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Ozone layer in much better shape, thanks to Montreal protocol

Ozone layer in much better shape, thanks to Montreal protocol
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Thanks to the Montreal Protocol, the ozone layer is in much better shape now than it would have been without the United Nations (UN) treaty, a new...

Thanks to the Montreal Protocol, the ozone layer is in much better shape now than it would have been without the United Nations (UN) treaty, a new study says.

Without the Montreal Protocol, a very large ozone hole over the Arctic would have occurred during that cold winter and smaller Arctic ozone holes would have become a regular occurrence.

The Montreal Protocol came into force in 1987 and it restricted the use of ozone-depleting substances. But the atmospheric concentrations of these harmful substances continued to rise as they can survive in the atmosphere for many years.

Concentrations peaked in 1993 and have subsequently declined.

"Our research confirms the importance of the Montreal Protocol and shows that we have already had real benefits. We knew that it would save us from large ozone loss 'in the future', but in fact we are already past the point when things would have become noticeably worse," said lead author professor Martyn Chipperfield from University of Leeds.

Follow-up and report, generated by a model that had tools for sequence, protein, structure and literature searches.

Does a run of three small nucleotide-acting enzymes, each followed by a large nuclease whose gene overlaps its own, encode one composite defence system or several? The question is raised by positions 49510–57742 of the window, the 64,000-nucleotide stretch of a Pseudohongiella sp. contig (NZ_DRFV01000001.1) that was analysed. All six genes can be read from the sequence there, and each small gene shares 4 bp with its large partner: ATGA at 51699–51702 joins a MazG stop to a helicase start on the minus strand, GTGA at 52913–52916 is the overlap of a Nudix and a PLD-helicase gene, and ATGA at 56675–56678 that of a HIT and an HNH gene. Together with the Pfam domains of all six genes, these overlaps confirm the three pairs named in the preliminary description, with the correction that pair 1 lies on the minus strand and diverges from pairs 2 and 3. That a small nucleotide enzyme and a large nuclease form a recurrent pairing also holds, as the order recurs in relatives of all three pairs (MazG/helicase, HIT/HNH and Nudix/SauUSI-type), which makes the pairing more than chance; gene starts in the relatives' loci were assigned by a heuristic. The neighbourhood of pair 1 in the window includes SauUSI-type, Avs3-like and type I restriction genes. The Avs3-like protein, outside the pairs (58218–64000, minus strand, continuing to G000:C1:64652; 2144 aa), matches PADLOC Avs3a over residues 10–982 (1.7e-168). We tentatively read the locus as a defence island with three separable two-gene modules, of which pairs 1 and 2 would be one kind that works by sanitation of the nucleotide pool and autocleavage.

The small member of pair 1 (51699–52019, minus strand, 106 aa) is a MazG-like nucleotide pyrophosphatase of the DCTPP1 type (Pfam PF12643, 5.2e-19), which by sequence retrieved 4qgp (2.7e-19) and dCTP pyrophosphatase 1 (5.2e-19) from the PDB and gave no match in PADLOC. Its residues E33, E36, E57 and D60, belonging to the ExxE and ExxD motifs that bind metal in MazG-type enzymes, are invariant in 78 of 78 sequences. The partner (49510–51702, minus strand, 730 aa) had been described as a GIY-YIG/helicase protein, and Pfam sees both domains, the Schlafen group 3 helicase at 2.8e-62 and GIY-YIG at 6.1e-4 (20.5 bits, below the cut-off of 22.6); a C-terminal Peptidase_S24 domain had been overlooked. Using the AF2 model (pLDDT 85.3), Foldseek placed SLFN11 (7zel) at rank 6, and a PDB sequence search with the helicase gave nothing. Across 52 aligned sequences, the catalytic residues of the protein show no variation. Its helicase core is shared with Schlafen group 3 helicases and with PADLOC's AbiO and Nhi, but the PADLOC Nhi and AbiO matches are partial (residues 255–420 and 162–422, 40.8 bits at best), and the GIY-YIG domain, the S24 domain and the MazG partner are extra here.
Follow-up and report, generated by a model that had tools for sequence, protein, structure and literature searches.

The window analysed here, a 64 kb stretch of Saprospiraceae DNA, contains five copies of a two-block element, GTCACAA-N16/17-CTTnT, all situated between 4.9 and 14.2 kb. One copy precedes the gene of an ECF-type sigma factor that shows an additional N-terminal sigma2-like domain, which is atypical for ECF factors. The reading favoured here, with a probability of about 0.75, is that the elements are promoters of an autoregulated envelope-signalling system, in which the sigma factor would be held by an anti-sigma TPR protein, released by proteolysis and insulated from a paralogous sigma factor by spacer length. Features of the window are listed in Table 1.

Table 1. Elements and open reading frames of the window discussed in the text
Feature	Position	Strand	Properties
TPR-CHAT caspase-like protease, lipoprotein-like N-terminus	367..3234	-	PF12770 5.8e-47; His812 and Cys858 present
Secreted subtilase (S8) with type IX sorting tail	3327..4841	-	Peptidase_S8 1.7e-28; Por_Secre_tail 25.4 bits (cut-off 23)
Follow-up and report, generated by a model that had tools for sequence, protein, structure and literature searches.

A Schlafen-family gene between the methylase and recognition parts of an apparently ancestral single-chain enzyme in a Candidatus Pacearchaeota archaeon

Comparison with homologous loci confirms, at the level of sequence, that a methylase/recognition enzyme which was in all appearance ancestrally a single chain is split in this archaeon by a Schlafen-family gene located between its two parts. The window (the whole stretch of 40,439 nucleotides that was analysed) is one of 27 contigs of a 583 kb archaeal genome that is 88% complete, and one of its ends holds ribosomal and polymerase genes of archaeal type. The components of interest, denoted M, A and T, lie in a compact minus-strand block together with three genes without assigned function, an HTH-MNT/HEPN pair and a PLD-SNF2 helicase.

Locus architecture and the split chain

For the study, researchers used a state-of-the-art 3D computer model of atmospheric chemistry to investigate what would have happened to the ozone layer if the Montreal Protocol had not been implemented.

"We have used actual observed meteorological conditions for the past few decades. This gives a more accurate simulation of the conditions for polar ozone loss," Chipperfield added.

The hole in the ozone layer over the Antarctic would have grown in size by an additional 40 percent by 2013. Had ozone-depleting substances continued to increase, the ozone layer would have become significantly thinner over other parts of the globe.

"The scientists must continue to monitor the situation to ensure all potential threats to the ozone layer are mitigated," Chipperfield said.

The study appeared in the journal Nature Communications.
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